Soft round notes of a hidden flute rise as the early summer sun sets over the Pacific. The shores become shadowy; frogs take over, singing their hearts out. Offshore a line of breakers surge onto a reef connecting the islands.
This is Tofino, more specifically, The Wickaninnish Inn, the long time dream of the McDiarmid family located in an area that is now an official UNESCO World Biosphere. It is also, according to the readers of Travel & Leisure, North America’s premier travel magazine, the #1 resort in Canada for 2012! Condé Nast Traveler ranks it on their Gold List 2012 for Best Leisure Facilities. BRAVO!
On all three sides of the inn there is the often-pounding ocean, the backdrop is an old growth forest. When I think of The “Wick” I think of whales and storms and fabulous surf and equally fabulous food. At night the only lights on the beach are from glimmering masses of stars, the lighthouse that flashes rhythmically and a few flickering campfires.
Tofino is rich in great ingredients. Crab is harvested all year round; there are wild berries by the ton; the salmon stocks are healthy; the halibut that’s on the menu is landed almost in front of the inn. There are gooseneck barnacles, fresh clams and fat, briny beach oysters. The inn’s tremendously talented chef, Vancouver Island born, Nick Nutting, uses them all in The Pointe Restaurant, a dining room with a 240’ view of the Pacific.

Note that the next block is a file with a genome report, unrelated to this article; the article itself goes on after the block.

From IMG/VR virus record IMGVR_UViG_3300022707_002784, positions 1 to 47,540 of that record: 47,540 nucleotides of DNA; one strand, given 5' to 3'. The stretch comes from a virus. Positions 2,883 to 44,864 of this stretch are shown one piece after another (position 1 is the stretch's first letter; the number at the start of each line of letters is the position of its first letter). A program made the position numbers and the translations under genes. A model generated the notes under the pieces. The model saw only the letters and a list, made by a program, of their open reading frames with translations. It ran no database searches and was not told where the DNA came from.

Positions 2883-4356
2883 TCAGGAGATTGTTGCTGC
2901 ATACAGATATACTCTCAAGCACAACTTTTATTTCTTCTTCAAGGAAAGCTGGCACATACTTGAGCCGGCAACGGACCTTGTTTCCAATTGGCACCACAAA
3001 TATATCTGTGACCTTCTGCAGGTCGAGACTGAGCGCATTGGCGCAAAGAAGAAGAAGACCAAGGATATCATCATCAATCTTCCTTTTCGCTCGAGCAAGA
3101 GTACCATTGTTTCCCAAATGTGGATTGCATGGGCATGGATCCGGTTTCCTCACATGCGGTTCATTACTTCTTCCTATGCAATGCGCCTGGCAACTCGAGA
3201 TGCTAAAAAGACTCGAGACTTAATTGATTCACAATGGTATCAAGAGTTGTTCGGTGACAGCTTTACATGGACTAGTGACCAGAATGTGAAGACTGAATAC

He buys cheeses from Little Qualicum Cheeseworks where not only are traditional cows (Brown Swiss, Ayershire, Holstein) milked but so are a small herd of Canadiennes, the hardy breed brought over by Champlain in the early 1600s and which adapted so well to frigid Canadian winters. He also serves forth David Wood’s near-legendary goats milk cheeses from Salt Spring Island. Fraser Canyon rabbit is sourced from the province’s northern interior while the fallow deer on the menu comes from the wild herd on Sidney Island, near Victoria, where it was first introduced in the 1920’s. Chef Nutting holds the ‘nose to tail’ philosophy dearly and purchases whole animals from the heritage breeds of pork (Tamworth, Berkshire, Hampshire) pastured at Sloping Hill Farm. From them he cures and alder-smokes a variety of charcuterie including bacon and the sausages that are also made in-house and vary “with the whim of the chef/saucier”.
From the first gray whales that roll and spout on their way north in the spring to the raging storms of winter, the Wickaninnish is quintessential, coastal Canada.
The Point Restaurant held a Food Day Canada Crab Cookout, where guests dined on fresh Dungeness Crab fished in Clayoquot Sound and enjoyed al fresco on Chesterman Beach.
The Wickaninnish is one of about 250 restaurants that celebrate Food Day across Canada. Contact them at the number below to reserve a table.
The Wickaninnish est l’un des 250 restaurants à travers tout le Canada qui participent au Journée des terroirs. Contactez The Wickaninnish directement, au numéro ci-dessous, afin de faire votre réservation.
The Point Restaurant
The Wickaninnish Inn
500 Osprey Lane at Chesterman
Tofino, BC V0R 2Z0
T: 250 725 3100